In a world where self-driving cars and recreational trips to the moon are on the horizon, it’s hard to believe that pedestrians have a high risk of being injured when walking down the street.
Believe it or not, 2017 marked the second year of a 25-year high of pedestrian deaths. The Governors Highways Safety Association (GHSA) projected more than 6,000 pedestrian deaths were due to motor vehicle accidents in the United States in 2017 alone.
So, what does this mean for you and your loved ones? It means now, more than ever, it’s crucial to learn how to walk defensively.
What Does it Mean to Walk Defensively?
Walking defensively means walking in a manner that identifies and evaluates all possible situations that increase the risk of being injured, especially situations involving motor vehicles. Defensive walking also includes taking proactive steps to help mitigate the likelihood of being injured and responding to situations in an effective, protective manner.
Even cities deemed walkable by WalkScore pose a high danger risk for pedestrians and implore pedestrians to be cautious.
How to Become a Defensive Walker
Put Your Phone Down
As tempting as it is to use your phone while you walk, it’s more important to be alert of the environment around you. Whatever phone call you need to take or text you need to send can wait until you have arrived safely at your destination or are able to move to a location distant from automobiles or any other imminent threat.
Trust Yourself, Not the Driver
Trust your instincts over the drivers behind the wheel. If it might be a close call to cross the street, don’t push it; being a few minutes late to your destination is worth much more than experiencing severe or fatal injuries. Rely on yourself, not the driver to slam on his/her brakes.
Take Off Your Headphones
Listening to music is an enjoyable pastime, but doing so while walking down the street as a pedestrian is not the time nor the place. Keeping your ears and eyes alert while crossing an intersection can help you identify dangerous situations and react proactively.
Look, and Look Again
Do a double take! Cars move swiftly, so always remember to look twice; it could save your life. The car you spotted a mile down the road could be moving much quicker than initially expected.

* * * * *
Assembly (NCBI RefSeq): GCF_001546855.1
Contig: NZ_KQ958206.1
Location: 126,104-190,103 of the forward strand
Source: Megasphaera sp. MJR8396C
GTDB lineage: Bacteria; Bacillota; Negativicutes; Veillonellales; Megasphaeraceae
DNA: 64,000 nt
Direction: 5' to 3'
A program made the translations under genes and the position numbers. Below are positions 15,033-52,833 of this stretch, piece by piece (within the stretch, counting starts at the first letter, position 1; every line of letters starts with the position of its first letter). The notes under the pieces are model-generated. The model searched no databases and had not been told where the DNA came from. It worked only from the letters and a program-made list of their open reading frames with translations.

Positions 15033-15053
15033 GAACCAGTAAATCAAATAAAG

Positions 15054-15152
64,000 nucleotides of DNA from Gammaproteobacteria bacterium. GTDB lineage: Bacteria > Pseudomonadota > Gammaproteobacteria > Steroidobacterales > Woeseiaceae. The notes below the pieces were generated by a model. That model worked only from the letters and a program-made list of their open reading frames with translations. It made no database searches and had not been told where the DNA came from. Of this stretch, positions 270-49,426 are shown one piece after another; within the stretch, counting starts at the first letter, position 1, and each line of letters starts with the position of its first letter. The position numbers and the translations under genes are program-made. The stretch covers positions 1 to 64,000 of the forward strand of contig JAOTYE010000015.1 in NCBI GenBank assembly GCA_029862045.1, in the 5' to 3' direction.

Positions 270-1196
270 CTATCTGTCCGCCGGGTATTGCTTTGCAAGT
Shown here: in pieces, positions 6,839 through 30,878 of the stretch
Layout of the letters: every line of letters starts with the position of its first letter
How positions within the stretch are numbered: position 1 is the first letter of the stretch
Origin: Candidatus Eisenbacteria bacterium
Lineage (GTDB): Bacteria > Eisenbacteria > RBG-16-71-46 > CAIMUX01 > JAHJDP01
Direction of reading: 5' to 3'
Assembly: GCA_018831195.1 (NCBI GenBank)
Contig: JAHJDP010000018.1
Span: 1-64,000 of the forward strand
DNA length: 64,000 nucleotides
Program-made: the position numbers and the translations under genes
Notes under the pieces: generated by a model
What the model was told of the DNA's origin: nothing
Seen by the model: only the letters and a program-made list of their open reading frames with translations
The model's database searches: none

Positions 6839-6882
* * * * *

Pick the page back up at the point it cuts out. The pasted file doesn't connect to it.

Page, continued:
Cross at Designated Crosswalks
Jaywalking may be a convenient option, but it’s not a safe one. Taking the extra few minutes to use a crosswalk and can significantly help lower your risk of a pedestrian accident. Plus, who doesn’t love a few extra minutes of being outside?
Bring a Friend
Walking in groups increases pedestrian visibility, especially for children. If possible, walk with a friend or create a walking club!
Dress to Impress
Reflective or bright clothing can help drivers identify you and are encouraged when walking at night. Carrying a flashlight can also help visibility and mitigate slip, trip, and fall accidents by helping you identify any uneven surfaces.
Make Eye Contact with Drivers
Locking eyes with oncoming drivers can help you evaluate how safe it is to cross and confirm they are aware of your presence. It’s not creepy, it’s your safety!
If Walking Defensively Has Failed
Walking defensively will help mitigate all pedestrian risks, but sometimes, life happens, and a driver can make an unexpected move. If you are struck by a vehicle, the first thing to do is try your best to stay calm.
Move yourself to a safe location away from oncoming traffic, call the police, and get medical assistance. Even if you feel fine, it’s best to call for medical help as some injuries aren’t readily apparent. While you wait for the police to arrive, take pictures, exchange contact information with the driver, and talk to any witnesses. Gathering this information can help strengthen your insurance claim!
The next step is to contact a qualified injury lawyer for a free consultation. A lawyer can help you secure the financial compensation you deserve from the perpetrator and/or the insurance company if you are injured in a pedestrian accident.